Over the past decade, our profession has engaged in an intense debate over the proper role of judges in the interpretation of our Constitution. This is not, of course, a new controversy. It has been with us ever since Chief Justice Marshall's decision in Marbury v. Madison.' However, during this last decade, the debate has taken on new dimensions. There is a new range and depth to the inquiry. What began as a discussion largely among members of the academic bar and some members of the judiciary has become a national political issue. Yet the basic question remains: In a …


Beguiled: Free Exercise Exemptions And The Siren Song Of Liberalism, Gerard V. Bradley Jan 1991

Beguiled: Free Exercise Exemptions And The Siren Song Of Liberalism, Gerard V. Bradley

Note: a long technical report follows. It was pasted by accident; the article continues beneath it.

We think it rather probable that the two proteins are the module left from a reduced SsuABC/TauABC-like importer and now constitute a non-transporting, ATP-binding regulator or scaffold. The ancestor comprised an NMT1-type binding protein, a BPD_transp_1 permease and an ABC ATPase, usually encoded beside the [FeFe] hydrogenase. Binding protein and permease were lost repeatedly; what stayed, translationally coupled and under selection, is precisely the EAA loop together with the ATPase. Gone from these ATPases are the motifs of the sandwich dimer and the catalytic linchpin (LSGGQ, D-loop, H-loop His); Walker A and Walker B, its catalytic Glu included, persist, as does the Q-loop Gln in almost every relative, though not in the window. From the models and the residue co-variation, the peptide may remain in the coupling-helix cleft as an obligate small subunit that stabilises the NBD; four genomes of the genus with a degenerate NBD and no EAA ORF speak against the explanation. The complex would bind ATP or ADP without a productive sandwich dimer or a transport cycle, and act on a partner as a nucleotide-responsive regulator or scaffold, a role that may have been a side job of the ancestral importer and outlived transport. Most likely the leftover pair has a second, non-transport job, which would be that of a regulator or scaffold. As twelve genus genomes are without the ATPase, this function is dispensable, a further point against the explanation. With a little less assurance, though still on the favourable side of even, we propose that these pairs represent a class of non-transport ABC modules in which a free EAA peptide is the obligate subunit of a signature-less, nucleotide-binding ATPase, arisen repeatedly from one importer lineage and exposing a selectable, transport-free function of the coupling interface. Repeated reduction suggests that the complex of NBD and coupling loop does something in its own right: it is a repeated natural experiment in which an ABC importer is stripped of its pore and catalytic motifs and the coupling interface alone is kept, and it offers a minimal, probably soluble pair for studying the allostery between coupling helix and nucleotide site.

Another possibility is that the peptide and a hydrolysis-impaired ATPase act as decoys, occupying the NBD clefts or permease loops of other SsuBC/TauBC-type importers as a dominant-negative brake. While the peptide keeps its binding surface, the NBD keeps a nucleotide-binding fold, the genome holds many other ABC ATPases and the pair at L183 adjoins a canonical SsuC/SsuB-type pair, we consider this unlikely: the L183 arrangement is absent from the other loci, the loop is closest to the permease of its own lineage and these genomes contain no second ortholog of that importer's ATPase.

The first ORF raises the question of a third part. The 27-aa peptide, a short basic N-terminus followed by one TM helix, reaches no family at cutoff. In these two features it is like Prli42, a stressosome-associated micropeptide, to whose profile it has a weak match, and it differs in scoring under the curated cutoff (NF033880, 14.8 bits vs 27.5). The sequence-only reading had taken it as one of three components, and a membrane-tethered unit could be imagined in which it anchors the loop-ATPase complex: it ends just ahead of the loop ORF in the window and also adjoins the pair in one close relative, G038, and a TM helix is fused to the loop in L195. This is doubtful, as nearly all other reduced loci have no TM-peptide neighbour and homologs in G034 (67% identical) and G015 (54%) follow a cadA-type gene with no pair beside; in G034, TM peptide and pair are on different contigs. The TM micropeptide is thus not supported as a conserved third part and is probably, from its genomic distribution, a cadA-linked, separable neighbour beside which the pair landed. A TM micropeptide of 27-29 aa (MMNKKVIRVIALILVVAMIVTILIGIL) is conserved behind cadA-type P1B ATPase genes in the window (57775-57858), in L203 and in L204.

Journal Articles

From all the talk about our religious pluralism—how extensive, indelible, inarbitrable it is—one would expect that establishing one definition of religious liberty would be the mother of all civic disturbances. Wrong. We have a common definition of religious liberty. I can demonstrate our agreement with one exhibit: the immensely broad based denunciation of the 1990 Supreme Court decision, Employment Division v. Smith. Two counsellors at a drug rehabilitation center (Alfred Smith and Galen Black) appealed Oregon’s denial of unemployment benefits. Oregon cited the “misconduct” that led to their discharges. Their “misconduct” consisted of using the hallucinogenic drug peyote. Peyote …


On Checking The Artifacts Of Canaan: A Comment On Levinson's "Confrontation", Thomas L. Shaffer Jan 1990

On Checking The Artifacts Of Canaan: A Comment On Levinson's "Confrontation", Thomas L. Shaffer